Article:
15 Jul Does Brexit have an impact on the UK property market?
Does Brexit have an impact on the UK property market?
Does Brexit have an impact to the UK property market?
According to the recent RICS report, “Brexit impasse continues to challenge the market.”
In general, related topics are all over the news in recent times. This started since the announcement of the referendum in 2016. So, are these headlines true? Or are they just a faux?
Truthfully, there is an atom of truth in the headlines.
There is political uncertainty in the country at the moment. This has led to slight disruption in the activities of both sellers and buyers. Basically, a few sellers are not willing to sell at the moment. They are hoping that the prices will increase after Brexit. However, some buyers are quite reluctant about buying properties. These buyers assume that if no one buys properties, their prices will fall.
However, the blame for this trend cannot be attributed to a single factor entirely. We cannot categorically say Brexit is responsible for this trend. Also, it is excessive to assume that the challenging property market is the cause.
We must note two points at this stage.
Is Brexit or something else responsible?
Foremost, there is a misconception that Brexit is responsible for the challenging market. However, this is not true. The challenging market began during the 2008 crash. Since this time, transactions have not returned to how they used to be.
Partially, the new taxes are responsible for the slowdown. Notably, overall stamp duty increased significantly, particularly for foreigner buyers. And this has a telling effect on transactions.
However, personal finances and economic conditions are the major culprits. For many people, these properties are not affordable. This claim is especially through in London.
It costs an average of £619,000 to buy a house in London. This amount is about three times of what you will spend to buy a home in the East Midlands. Comparatively, the home cost in London is thirteen times of average earnings. Nonetheless, it is about seven times of the average earnings in the whole of England and Wales.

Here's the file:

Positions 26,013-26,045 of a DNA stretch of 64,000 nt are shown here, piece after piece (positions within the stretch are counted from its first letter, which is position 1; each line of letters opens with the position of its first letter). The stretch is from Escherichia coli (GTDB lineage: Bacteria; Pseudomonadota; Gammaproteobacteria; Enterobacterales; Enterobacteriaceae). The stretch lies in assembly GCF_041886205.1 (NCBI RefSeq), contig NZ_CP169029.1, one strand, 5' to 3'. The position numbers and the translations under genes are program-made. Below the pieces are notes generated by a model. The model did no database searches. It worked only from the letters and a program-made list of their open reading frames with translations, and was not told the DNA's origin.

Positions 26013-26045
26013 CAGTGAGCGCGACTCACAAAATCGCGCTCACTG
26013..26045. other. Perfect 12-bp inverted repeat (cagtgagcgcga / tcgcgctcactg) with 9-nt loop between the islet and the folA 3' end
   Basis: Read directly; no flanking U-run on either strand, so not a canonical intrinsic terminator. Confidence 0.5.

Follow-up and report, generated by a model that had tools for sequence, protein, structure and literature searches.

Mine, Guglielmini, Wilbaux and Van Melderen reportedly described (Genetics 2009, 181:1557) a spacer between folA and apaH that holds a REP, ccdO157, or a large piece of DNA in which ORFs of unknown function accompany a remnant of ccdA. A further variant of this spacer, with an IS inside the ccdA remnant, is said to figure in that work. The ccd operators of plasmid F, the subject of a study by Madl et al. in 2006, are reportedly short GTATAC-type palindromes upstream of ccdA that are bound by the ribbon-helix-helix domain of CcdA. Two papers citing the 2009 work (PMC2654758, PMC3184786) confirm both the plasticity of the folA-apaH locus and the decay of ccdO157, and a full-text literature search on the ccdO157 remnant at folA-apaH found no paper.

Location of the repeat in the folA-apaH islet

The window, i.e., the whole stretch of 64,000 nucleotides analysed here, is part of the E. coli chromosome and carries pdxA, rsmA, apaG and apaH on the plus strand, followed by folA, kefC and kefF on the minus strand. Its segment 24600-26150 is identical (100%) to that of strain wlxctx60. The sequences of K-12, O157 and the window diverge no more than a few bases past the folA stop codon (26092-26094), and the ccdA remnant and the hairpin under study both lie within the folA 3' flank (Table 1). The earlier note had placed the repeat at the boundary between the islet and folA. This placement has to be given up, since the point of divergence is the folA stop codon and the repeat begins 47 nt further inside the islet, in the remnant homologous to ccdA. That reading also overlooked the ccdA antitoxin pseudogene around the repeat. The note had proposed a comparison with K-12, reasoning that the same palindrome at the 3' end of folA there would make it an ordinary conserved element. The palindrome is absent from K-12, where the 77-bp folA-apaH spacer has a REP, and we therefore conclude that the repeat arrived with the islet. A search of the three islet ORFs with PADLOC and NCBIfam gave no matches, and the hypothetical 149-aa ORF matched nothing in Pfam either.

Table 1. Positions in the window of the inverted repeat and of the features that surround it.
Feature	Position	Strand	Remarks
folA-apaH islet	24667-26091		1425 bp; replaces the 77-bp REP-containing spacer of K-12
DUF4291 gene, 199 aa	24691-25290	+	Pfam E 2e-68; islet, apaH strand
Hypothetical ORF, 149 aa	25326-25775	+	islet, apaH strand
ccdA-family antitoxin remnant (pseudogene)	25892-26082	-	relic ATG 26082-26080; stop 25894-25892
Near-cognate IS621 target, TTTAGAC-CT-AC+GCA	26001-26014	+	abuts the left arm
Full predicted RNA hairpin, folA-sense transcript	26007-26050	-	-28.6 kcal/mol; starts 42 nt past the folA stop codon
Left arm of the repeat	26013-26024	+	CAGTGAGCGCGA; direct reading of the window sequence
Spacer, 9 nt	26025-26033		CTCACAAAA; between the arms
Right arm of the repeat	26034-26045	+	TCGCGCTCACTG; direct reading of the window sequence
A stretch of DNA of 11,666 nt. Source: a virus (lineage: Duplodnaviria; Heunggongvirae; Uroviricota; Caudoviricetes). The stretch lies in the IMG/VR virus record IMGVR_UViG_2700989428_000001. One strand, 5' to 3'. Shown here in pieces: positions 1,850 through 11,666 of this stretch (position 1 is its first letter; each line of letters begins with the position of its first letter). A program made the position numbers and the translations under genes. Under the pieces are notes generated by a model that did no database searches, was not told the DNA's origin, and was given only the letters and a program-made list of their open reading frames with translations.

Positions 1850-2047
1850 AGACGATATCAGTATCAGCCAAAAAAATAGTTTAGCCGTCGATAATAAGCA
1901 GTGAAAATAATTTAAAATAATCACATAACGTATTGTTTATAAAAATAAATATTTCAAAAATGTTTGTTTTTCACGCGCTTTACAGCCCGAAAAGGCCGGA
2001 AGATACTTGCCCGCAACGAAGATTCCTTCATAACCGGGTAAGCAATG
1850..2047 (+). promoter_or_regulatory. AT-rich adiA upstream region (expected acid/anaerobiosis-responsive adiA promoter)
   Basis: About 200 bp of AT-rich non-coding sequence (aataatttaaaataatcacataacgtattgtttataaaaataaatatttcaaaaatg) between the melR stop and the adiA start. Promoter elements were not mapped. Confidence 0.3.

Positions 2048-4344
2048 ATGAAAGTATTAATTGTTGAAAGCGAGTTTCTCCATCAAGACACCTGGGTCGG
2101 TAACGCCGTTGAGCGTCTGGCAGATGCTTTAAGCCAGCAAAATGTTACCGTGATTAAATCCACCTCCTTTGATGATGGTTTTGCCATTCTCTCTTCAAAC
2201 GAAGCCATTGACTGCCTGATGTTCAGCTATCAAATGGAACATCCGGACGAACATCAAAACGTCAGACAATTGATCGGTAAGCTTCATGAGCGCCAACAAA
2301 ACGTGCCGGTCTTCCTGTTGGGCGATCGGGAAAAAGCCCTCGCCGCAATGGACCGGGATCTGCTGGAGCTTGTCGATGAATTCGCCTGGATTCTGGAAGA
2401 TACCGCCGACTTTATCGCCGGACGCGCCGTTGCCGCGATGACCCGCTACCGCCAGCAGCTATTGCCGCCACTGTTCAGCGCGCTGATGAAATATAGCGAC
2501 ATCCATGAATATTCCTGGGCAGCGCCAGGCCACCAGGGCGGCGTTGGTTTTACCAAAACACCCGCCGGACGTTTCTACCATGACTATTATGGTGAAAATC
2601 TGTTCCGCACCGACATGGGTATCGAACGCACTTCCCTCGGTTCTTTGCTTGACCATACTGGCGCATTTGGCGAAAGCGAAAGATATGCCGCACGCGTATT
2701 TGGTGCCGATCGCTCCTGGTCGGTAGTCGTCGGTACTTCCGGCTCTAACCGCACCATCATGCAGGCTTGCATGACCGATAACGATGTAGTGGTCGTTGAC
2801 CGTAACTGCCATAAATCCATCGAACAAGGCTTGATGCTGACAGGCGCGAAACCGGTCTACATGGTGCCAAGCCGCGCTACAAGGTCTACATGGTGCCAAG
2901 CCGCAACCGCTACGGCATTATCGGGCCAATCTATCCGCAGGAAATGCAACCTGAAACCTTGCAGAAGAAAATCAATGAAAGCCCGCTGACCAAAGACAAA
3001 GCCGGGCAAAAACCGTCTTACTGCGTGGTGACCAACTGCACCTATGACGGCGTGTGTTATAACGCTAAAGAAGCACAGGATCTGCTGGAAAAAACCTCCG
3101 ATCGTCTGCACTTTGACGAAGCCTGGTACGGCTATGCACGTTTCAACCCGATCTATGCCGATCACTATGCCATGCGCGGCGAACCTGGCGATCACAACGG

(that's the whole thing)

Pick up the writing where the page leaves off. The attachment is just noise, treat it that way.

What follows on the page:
Resultantly, there is a decrease in the number of young people that own houses in England. About one-third of ‘generation rent’ may rent a home throughout their lifetime.
The problems with supply play a pivotal role in these challenges. Also, house-building is falling behind the benchmarks that the government recommended.
Is it challenging or steady?
Here is the second point you must note. Many commentators exaggerate the problems in the property market.
Let’s consider the sales market for example. Truthfully, there is a reduction in the activity in the south of England. However, the sales market is still relatively high in other places. This is especially true in the Midlands and North.
The aforementioned regions, Manchester, Birmingham, and other cities are highly affordable. Consequently, many foreign buyers, Londoners relocating, students, and first-time buyers are shifting their attention to these places.
Last year, prices increased in Manchester by 6.6%. This is more than any other places in the whole of the UK.
The effect of Brexit
Using the RICS report, anybody can easily and incorrectly analyse the reduction in buyer’s appetite. Without a doubt, Brexit is influencing the property market. Nevertheless, first time buyers, foreign buyers, and other investors are still buying UK property. This is particularly true in Manchester and other northern cities.
Therefore, whether there is Brexit or not, people will continue to buy a property. Brexit will not stop people from having reasons to change accommodation. These reasons may be the need to buy a first home. They may need to get a bigger home to accommodate their growing families. Or they may want to downsize due to old age. Whatever the reasons may be, people will always move.
Therefore, Brexit is not solely responsible for any decline in the property market.
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